Bleached buds are a sure sign of too much light during flowering. Affected nugs may appear attractive with their pure white “albino” coloring, but they will have lost a major portion of their effectiveness. Bleached buds have negative properties as well. Light-stress cannabis effects do not appear overnight. You may be weeks into growth when you see your plants looking burnt. Plants, like you, can withstand a few days of bright illumination, but if it persists for too long—say, a week—it will feel the consequences. Cannabis light burn symptoms may appear near harvest, indicating that yield isn’t greatly impaired.
To limit the possibilities of burnt cannabis, set the grow light where the manufacturer suggests. Check your grow light’s PPFD. The PPFD (photosynthetic photon flux density) quantifies how many photosynthetically useful photons strike a distant surface. When discussing and comparing different light sources for plants, PPFD is presently the most appropriate word. Setting up a grow room using watts or lumens is fine, but PPFD is a superior measurement since it considers the light the plant need for maximum growth. There are several restrictions to supplying CO2 for cannabis into your grow room to raise PPFD over what is suggested. Using a PAR or lux meter, you’ll observe that the light is stronger in the center. This is also where light stress plants symptoms typically appear.
Growers cannot cure light burns on cannabis, but they may avoid them. Scorched leaves begin to deteriorate and must be removed to prevent disease transmission. Leaves that haven’t been entirely burned can still be used if you don’t consider them a hazard. Heat is produced by all grow lights, although HID bulbs create more than fluorescent or LED lights. High temperatures can harm your cannabis plants if the grow light is too near the canopy, resulting in burnt cannabis. Here’s what you can do to solve such a problem:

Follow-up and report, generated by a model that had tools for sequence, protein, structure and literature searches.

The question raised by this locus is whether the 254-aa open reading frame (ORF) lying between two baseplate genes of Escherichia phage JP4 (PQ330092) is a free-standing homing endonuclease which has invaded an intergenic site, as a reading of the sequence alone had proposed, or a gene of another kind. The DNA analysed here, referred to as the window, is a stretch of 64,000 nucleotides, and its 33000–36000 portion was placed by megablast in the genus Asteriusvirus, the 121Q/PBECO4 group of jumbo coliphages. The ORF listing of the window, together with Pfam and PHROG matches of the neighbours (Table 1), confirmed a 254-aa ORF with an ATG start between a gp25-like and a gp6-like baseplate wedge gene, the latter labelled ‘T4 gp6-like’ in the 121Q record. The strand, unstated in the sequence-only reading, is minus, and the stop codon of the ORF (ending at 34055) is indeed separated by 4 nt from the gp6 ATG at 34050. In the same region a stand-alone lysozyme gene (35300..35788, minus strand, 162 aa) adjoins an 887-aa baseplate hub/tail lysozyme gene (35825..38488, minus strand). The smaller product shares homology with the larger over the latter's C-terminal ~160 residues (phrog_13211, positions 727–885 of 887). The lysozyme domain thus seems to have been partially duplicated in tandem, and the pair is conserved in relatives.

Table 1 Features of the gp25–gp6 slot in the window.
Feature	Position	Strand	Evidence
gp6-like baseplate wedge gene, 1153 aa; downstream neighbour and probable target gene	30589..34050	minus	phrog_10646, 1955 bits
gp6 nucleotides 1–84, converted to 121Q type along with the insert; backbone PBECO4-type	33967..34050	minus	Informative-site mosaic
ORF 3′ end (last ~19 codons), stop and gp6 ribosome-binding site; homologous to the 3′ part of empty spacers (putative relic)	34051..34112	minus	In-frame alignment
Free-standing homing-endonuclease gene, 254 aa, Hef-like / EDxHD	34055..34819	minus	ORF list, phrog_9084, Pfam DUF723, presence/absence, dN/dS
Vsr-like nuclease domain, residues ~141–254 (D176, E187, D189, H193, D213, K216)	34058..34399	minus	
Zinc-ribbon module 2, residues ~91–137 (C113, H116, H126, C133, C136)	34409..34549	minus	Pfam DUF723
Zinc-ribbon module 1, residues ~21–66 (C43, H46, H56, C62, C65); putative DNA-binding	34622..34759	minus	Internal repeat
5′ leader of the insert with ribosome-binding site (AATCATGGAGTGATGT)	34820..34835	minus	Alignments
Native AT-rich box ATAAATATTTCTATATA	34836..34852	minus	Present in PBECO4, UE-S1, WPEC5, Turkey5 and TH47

Cannabis light stress may be genetically determined, the same as how some humans can take sunburn longer than others. Some equatorial strains, such as hazes and Sativa, are more heat tolerant and want more sunshine. Don’t be surprised if you plant a new strain under your normal grow light and it grows higher than planned or if the light is too powerful or inadequate.
Cannabis light stress is sometimes confused with nitrogen deficit since the symptoms of yellowing leaves are identical. The greatest way to tell the difference is that deficits normally begin at the bottom of the plant, but light burn cannabis begins at the top and progresses downward. Because their green veins retain moisture, burnt leaves feel crunchy and are more difficult to remove from the crop. Leaves on a plant suffering from cannabis nitrogen deficiency are easy to pick off and frequently fall off without your participation.